Driving law: Almost all road users break ‘confusing’ rules ‘without being aware’ of risks

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Motorists could be issued careless driving charges for various offences with experts warning that an exhaustive list would be “impossible”. Road safety lawyers at Smith Bowyer Clarke warned that drivers are left confused by the rules with “subjective thinking” required to determine what is and isn’t breaking the rules.

In a new survey, 97 percent of road users failed to identify at least one of a range of illegal activities, meaning they could risk being prosecuted without realising.

Laura Newton, solicitor at Smith Bowyer Clarke said: “Many areas of the law, particularly careless driving, requires a degree of subjective thinking.

“It would be impossible to create an exhaustive list of all the instances which would amount to careless driving, and this means that drivers can commit offences without being aware of it.

“The confusion probably comes about because drivers sit their theory test and then are not required to refresh their knowledge throughout their licenced period, which could be in excess of 60 years.

“Driving habits and technology changes, so gaps in knowledge are patched together from word of mouth or a driver’s common sense.”

A massive 81 percent of drivers thought that paying with a mobile phone at a drive thru restaurant was not against the law despite the heavy penalties.

This would be considered using a mobile phone while being behind the wheel which could see drivers issued a £200 fine and up to six points on their licence.

Up to 72 percent of road users believe they could use their phone for navigation purposes despite the law saying otherwise.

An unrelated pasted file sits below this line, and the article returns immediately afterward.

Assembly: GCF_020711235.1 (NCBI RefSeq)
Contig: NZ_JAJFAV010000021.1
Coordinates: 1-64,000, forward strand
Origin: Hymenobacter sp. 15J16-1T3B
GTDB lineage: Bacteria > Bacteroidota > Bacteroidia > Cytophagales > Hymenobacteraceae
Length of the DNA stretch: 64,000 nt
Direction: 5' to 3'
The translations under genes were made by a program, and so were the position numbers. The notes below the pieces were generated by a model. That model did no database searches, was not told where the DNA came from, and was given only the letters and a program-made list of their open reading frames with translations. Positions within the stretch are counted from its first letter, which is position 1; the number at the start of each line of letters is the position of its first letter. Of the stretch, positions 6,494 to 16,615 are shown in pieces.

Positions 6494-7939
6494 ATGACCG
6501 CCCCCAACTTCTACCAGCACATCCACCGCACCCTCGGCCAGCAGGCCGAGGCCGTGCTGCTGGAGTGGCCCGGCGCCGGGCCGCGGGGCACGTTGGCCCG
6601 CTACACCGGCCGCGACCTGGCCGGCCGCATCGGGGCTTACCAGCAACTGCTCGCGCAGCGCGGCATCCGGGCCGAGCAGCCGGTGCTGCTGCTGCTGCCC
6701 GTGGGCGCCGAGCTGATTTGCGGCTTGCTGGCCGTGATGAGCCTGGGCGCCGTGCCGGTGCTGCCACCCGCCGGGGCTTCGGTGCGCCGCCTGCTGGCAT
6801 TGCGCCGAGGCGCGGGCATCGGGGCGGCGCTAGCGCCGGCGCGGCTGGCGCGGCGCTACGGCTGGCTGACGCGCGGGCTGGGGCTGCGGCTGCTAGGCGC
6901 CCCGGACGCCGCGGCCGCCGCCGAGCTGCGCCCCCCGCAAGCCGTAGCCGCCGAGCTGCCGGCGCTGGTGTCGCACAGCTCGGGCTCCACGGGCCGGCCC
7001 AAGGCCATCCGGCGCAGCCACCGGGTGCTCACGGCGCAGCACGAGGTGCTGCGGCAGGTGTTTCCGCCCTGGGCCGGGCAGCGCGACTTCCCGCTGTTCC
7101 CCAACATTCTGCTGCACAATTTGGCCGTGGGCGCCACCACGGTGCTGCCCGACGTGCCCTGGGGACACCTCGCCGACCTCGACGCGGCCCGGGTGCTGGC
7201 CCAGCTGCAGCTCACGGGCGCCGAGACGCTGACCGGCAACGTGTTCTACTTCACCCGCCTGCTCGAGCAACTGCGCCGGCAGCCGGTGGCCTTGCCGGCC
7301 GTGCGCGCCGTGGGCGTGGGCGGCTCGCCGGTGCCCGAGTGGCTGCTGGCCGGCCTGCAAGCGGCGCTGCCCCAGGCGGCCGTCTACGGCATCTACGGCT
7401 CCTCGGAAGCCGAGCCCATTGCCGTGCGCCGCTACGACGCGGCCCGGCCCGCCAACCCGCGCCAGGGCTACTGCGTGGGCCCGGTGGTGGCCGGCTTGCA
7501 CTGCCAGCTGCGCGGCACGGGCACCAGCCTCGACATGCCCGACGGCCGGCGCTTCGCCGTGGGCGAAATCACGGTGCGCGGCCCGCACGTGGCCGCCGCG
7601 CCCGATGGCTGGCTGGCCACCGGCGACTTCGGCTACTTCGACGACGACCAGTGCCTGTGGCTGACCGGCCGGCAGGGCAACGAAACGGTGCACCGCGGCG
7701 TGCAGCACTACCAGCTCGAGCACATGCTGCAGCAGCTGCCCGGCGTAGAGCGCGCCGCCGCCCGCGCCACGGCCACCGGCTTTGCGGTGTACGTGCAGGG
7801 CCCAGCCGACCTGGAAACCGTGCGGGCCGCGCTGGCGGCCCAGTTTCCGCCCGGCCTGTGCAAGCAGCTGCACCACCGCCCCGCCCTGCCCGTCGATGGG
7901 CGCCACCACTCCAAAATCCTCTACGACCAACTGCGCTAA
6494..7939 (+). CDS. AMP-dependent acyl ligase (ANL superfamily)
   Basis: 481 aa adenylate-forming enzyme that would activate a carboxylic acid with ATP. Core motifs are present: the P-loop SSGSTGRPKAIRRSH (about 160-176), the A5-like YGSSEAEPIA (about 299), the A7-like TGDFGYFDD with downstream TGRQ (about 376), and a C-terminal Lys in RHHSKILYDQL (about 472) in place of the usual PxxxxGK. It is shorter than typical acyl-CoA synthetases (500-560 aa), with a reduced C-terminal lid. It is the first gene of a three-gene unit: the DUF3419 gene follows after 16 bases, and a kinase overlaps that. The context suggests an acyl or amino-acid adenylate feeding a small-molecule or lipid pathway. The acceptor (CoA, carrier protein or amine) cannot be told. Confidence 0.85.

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Road users cannot touch their phone at all while the engine is running as there are fears this could divert their attention from the road.

Experts warned even concrete laws can cause confusion among some drivers in a devastating find.

Over one third of road users failed to identify that smoking inside a car with children was illegal and could lead to harsh penalties.

A quarter of road users also did not believe that it was illegal to drive at night without having their car headlights on.

Half of road users thought it was legal to splash pedestrians by driving through a puddle while 46 percent thought it was fine to sleep in a car while drunk.

A massive 34 percent thought it was legal to apply make up behind the wheel as 40 percent did not know they could not legally drive with snow covering on the windscreen.

In a shocking revelation, almost a quarter for road users admitted they thought it was completely legal to take a selfie while behind the wheel.

Although many fixed penalties are handed out to drivers, in severe cases fines could rise to thousands of pounds with points issued.

Experts at DAS Law revealed some drivers could be issued fines of £5,000 and between three and nine penalty points for breaking the rules.

In some severe cases road users may even face a temporary disqualification from the roads.

Ben Wooltorton, Chief Operating Officer at InsureTheGap, said more needed to be done to boost awareness of driving laws so motorists were not caught out.

He said: “Laws regarding ‘careless driving’ or ‘driving without due care and attention’ can seem subjective and may be interpreted differently by drivers and the police, creating the potential for confusion.

“To reduce the number of incidents on the road, more should be done to make drivers in the UK aware of the types of activities that can distract attention from the road and how even momentary distractions or lapses in concentration can have serious consequences.

“Ultimately, if you’re not paying full attention 100% of the time to the safe control of your vehicle whilst behind the wheel, you run the risk of committing one of these offences.”

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